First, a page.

Few retail experiences are as intense as an Arab market.
Alexandria’s souq takes up dpzens of streets around my hotel, and as night falls, further streets materialise: vehicles and spaces co-opted to define fresh little passageways filled with merchants. I plunge in to explore.
The outer layers of the souq are still street vendors, the retail underclass, but as I press in I climb the social strata quickly. The most important merchants are those owning actual buildings within the labyrinth, their shops at the centre of the commerce, stores with the highest footfall and the most determined customers. The shops at the centre of the souq even sell to other merchants: their homespun jewellery is on sale in a dozen places closer to the souq’s edges, from wares-on-a-rug hawkers to smoky emporia thick with gold and perfume. Little franchise operations with licensed territories just twenty metres in diameter.
I’m among such jewellers now, 18k gold and silverware shining in windows. Unlike Cairo’s Khan-al-Khalili, few merchants call me out; this isn’t tourist territory, and they have no time for those not buying. I press on.
Whole interlocking economies exist within this maze, raw materials exchanged and processed into finished goods. Fluffy cotton bols and finished tailored shirts exude from neighbouring stalls like squeezed toothpaste, fat rolls of textiles lolling flabbily on shelf stacks four metres high. Perhaps the business-to-business sector is where the real action is in a souq. Perhaps this Arab version of just-in-time logistics works as efficiently as any Western conglomerate, complex software and supply chains replaced by the simple action of… Listening to what’s happening in the alley outside your shop.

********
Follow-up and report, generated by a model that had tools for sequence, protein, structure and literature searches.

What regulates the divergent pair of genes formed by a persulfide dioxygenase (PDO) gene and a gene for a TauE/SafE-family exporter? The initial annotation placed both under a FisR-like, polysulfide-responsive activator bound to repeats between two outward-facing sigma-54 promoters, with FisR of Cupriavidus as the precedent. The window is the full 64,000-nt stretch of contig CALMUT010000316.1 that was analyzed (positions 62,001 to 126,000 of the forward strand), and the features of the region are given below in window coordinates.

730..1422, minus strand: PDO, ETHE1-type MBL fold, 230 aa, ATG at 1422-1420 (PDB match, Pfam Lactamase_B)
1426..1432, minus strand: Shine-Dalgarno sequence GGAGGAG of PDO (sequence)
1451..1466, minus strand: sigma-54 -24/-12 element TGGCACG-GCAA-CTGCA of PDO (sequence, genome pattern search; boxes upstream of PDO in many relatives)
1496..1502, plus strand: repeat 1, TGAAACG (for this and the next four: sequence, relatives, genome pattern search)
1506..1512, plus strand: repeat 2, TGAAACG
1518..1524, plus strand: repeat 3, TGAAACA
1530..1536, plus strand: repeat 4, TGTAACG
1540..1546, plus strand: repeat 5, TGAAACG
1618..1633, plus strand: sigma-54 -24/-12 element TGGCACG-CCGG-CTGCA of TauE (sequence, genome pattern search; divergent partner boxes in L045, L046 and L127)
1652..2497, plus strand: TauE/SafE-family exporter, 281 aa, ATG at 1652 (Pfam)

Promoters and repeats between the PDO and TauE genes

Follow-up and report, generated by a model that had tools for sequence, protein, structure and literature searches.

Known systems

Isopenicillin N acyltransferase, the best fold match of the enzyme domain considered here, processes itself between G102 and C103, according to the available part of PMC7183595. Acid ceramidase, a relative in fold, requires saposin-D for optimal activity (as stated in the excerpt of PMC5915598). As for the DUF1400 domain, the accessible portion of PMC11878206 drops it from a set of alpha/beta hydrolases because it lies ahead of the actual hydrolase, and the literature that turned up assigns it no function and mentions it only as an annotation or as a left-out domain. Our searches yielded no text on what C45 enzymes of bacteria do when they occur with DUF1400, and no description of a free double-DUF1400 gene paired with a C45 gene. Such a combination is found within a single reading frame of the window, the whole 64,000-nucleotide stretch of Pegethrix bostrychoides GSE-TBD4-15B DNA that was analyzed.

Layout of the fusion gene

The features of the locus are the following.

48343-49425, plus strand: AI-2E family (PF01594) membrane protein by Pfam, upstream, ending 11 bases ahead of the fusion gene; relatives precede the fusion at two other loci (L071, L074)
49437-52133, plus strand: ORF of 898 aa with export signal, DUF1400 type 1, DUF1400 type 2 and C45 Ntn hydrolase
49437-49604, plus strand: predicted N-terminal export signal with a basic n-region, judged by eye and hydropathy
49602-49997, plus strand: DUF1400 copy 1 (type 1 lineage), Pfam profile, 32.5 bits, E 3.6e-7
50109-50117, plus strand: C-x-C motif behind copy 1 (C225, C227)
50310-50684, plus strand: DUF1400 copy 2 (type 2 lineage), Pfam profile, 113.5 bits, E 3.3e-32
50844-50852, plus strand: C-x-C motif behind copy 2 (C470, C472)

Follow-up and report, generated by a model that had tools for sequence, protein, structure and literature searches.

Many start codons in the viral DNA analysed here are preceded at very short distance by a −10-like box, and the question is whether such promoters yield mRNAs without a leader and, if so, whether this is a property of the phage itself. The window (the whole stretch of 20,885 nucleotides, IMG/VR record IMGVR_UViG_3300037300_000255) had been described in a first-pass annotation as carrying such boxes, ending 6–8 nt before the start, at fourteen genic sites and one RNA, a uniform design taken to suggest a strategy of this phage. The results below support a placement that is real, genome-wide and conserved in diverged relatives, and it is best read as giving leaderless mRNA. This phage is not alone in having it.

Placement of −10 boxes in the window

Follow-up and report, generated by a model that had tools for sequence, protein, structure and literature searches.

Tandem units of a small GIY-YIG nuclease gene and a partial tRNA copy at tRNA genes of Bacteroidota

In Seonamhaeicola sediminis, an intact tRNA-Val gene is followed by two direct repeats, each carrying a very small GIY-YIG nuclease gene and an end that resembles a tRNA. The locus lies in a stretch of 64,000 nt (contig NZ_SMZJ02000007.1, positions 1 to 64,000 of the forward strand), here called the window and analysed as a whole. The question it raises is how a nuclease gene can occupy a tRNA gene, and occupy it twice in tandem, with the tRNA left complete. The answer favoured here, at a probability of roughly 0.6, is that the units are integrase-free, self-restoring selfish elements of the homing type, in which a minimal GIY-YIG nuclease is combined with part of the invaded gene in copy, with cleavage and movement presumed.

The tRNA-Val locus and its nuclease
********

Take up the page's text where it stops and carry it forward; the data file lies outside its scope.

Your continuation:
A tray of eclairs sits on the pavement, thirty centimetres from the traffic that somehow stop-starts through the seething crowds. Teamen thread past, urns shouldered.
I realise I’m lost, lost in the maze of gold and perfume. Unsure of retracing, I strike out for the market’s edges, and fight my way onto the Corniche I breathe in the Med and look around.
I’m a long, long way from my hotel; it takes nearly half an hour to walk along the seafront to the landmark I recognise. Heading for my hotel, the souq beckons again, even as I catch sight of my third floor window. Maybe one more time…